Ending the School-to-Prison Pipeline: A Case Study of Community-Led Disciplinary Reform in Kern County
2018 | Berkeley Media Studies Group
In December 2012, Carmen Ramirez, a student at Arvin High School in Kern County, California, was reassigned to an alternative school 30 miles from her home, after being found with marijuana. The paperwork shared with her father, Mario, to explain the suspension and transfer were in English; however, Mario speaks mostly Spanish and allegedly gave consent without being fully informed.
That same semester, Gabriel Elder, a Latino student at Kern Valley High School, was suspended for "talking back," "engaging in profanity," and other minor offenses. Elder had recently been diagnosed with major depression and was exposed to domestic violence, but his mother's requests to have the school provide counseling and special education services for Elder reportedly were refused.
Two years later, Jerry Reagor, an African American student who was attending Foothill High School in Kern County reported being harassed, threatened, and assaulted by gang members on his way to school. His mother raised the issue with administrators and school police, yet the school district allegedly did not take action. Instead, staff claimed that Reagor was the aggressor. KHSD later transferred him to another school, citing Reagor's supposed "gang affiliations."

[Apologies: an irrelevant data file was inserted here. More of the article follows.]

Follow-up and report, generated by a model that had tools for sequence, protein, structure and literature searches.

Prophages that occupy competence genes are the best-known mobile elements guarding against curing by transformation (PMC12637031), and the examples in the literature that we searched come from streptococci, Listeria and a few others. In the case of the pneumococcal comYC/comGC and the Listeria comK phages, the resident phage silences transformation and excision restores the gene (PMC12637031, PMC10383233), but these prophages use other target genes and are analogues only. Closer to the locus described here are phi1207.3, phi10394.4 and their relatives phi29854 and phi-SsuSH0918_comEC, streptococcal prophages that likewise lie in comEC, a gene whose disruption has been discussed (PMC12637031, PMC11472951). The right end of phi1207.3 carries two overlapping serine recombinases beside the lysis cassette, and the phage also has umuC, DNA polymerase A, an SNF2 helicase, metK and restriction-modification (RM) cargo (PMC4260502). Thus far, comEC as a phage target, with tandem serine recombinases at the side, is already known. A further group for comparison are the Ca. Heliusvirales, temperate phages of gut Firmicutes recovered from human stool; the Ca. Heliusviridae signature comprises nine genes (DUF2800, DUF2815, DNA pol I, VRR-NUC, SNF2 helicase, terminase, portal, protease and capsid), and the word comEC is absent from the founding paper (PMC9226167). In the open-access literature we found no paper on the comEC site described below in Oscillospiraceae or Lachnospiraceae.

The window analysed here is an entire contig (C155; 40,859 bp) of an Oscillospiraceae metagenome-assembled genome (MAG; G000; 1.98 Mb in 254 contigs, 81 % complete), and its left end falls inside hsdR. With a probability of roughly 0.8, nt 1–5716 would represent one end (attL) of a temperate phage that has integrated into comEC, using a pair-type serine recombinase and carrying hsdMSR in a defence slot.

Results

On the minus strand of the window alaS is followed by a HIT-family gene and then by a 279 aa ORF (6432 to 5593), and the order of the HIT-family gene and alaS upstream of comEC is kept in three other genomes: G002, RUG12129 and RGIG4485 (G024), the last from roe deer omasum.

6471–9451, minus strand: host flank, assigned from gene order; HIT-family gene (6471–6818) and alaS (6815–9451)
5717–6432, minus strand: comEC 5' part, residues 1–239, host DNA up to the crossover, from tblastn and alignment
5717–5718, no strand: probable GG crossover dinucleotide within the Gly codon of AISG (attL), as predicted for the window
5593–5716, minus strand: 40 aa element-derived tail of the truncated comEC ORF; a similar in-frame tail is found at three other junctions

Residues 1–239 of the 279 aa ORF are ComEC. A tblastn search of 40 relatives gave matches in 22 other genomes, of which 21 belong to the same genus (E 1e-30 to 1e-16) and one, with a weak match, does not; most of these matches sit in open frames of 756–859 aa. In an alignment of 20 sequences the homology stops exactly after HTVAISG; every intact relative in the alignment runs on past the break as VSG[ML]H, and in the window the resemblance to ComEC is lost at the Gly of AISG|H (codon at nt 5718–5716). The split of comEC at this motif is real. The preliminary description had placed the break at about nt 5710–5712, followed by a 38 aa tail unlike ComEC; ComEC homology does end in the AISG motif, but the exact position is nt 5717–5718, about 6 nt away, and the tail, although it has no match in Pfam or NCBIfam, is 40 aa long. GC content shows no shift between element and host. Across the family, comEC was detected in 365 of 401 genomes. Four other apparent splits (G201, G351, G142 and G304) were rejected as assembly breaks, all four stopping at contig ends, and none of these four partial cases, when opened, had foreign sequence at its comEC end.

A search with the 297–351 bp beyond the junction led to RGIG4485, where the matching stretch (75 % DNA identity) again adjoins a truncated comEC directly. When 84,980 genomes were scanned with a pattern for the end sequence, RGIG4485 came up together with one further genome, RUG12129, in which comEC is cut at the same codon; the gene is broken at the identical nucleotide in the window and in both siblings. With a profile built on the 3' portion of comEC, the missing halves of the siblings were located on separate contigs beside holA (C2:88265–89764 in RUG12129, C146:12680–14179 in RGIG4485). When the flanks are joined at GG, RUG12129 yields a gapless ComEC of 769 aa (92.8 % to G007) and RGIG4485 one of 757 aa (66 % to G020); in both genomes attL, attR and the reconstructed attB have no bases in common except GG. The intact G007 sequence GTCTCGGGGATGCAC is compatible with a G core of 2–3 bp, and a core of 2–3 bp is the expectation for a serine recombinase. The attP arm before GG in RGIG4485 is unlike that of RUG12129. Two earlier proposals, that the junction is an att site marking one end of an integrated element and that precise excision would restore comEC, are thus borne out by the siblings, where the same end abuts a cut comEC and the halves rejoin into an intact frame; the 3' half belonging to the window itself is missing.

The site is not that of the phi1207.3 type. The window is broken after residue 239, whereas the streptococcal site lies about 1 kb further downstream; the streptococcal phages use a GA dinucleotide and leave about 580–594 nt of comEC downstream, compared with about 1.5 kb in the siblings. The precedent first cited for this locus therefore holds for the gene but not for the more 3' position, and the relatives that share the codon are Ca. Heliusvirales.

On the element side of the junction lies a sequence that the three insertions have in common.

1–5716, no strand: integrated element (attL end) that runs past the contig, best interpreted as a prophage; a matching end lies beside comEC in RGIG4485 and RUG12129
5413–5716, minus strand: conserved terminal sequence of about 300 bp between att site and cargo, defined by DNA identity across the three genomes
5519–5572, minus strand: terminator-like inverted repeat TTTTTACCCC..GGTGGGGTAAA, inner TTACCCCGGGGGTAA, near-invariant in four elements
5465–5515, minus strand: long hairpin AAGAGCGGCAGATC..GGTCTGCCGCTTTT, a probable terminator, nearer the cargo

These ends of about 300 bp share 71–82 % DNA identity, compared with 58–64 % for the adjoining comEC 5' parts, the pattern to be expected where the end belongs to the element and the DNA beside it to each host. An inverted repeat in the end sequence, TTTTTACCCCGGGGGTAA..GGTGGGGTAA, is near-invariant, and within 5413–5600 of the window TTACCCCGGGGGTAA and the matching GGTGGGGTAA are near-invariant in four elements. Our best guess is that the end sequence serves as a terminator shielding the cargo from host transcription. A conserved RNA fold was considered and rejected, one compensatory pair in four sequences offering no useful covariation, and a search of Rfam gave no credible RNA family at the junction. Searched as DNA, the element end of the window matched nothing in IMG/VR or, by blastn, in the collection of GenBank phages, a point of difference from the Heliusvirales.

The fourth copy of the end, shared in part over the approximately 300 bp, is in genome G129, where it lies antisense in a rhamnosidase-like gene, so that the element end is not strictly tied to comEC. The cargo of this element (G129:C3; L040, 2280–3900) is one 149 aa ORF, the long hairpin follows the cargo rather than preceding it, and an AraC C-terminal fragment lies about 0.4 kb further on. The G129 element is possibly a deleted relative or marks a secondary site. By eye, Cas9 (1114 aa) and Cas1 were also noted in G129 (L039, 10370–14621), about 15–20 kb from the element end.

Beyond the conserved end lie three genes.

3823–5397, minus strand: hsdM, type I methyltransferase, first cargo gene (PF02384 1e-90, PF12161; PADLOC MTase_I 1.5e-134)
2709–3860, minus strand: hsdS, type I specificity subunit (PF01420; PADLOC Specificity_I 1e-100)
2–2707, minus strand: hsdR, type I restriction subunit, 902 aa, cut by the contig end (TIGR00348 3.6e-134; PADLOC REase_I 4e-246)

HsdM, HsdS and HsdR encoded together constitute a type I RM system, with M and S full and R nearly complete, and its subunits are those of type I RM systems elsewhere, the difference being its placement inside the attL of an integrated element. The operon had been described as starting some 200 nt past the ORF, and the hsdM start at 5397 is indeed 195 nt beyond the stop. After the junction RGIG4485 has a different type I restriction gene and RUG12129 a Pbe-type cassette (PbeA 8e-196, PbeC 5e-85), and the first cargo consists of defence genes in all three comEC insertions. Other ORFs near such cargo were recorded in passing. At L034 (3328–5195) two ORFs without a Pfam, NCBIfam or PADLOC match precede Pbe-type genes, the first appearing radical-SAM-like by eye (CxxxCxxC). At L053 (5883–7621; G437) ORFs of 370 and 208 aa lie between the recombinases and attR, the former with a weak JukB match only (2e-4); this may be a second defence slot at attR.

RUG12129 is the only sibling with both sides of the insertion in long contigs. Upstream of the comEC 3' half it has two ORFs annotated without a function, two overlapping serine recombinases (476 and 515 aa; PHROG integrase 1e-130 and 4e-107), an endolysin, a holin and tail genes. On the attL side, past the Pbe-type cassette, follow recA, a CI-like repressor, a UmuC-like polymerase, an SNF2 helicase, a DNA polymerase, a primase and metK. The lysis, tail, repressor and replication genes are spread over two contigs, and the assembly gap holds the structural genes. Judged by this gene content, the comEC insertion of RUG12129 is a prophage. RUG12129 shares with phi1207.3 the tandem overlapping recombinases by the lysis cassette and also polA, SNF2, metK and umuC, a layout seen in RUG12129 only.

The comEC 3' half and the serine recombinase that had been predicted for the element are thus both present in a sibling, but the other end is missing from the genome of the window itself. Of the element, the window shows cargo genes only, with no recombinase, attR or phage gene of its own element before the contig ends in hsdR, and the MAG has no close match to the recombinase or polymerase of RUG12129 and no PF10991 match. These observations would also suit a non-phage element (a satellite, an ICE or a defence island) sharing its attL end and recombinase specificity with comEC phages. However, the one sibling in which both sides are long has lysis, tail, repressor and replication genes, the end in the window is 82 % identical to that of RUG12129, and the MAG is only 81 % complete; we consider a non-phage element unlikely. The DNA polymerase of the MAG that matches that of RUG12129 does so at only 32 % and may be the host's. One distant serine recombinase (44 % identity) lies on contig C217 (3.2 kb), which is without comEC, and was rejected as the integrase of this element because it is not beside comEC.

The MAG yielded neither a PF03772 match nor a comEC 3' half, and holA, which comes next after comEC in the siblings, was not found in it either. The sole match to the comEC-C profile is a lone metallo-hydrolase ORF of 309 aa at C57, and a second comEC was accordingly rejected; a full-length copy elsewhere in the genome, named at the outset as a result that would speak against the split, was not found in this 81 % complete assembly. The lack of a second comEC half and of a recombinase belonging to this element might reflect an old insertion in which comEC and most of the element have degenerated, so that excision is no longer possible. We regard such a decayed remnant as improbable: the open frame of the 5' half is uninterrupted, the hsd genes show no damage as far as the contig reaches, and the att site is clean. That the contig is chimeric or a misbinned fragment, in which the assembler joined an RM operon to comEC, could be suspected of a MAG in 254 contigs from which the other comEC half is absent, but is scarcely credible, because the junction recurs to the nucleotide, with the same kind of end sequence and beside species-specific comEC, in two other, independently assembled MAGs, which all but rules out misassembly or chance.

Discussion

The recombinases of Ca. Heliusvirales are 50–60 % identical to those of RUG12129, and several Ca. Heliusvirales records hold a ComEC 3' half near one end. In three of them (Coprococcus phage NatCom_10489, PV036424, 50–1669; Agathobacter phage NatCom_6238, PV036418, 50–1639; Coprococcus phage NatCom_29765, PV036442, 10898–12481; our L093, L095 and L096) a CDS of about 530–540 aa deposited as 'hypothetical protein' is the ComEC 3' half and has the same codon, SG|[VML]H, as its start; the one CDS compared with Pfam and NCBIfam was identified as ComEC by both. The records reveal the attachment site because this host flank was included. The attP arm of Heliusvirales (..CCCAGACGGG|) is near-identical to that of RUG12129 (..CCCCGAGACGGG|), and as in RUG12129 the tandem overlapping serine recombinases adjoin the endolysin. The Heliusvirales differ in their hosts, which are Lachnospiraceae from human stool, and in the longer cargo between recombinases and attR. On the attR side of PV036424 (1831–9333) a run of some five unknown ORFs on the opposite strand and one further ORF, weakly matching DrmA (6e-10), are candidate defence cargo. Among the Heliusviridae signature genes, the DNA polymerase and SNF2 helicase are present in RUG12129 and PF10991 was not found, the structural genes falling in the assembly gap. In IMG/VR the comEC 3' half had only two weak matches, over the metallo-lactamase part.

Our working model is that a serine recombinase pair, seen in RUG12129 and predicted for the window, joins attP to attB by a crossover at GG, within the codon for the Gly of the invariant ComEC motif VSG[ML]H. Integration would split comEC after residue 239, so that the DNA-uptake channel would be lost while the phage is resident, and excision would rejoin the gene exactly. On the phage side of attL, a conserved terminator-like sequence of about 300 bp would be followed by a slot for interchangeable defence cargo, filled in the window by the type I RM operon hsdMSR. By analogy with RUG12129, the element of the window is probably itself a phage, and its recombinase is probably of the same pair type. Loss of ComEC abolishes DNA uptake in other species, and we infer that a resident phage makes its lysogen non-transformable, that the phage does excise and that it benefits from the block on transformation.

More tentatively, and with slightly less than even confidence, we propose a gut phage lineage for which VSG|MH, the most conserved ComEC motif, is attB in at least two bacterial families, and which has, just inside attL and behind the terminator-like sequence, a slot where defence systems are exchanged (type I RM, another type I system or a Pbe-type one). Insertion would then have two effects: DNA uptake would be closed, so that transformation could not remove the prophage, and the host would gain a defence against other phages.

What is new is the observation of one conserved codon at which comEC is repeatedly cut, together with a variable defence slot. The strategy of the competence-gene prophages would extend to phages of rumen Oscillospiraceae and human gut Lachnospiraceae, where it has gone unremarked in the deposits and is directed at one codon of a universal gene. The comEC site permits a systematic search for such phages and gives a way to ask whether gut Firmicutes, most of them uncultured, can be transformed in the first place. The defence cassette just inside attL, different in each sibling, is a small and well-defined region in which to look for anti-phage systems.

These are just a few of the many allegations that appear in a 2014 lawsuit that a group of parents, students, and advocates brought against the Kern High School District, which, data revealed, was suspending and expelling its students of color at higher rates than its white students. The lawsuit referred to this as "systematic discrimination" and said that it had created a "racially hostile educational environment."
"The science really is clear: The more you send a kid away, the worse they get, not better," said Dr. Jeffrey Sprague, a professor of special education at the University of Oregon who, in the late 1990s, helped pioneer Positive Behavioral Interventions and Supports (PBIS), a proactive approach to behavioral issues, which works to establish socially and emotionally supportive school climates. "For the students most at risk in our communities," he added, "simply sending them away essentially trains them to become prisoners … it's called the school-to-prison pipeline."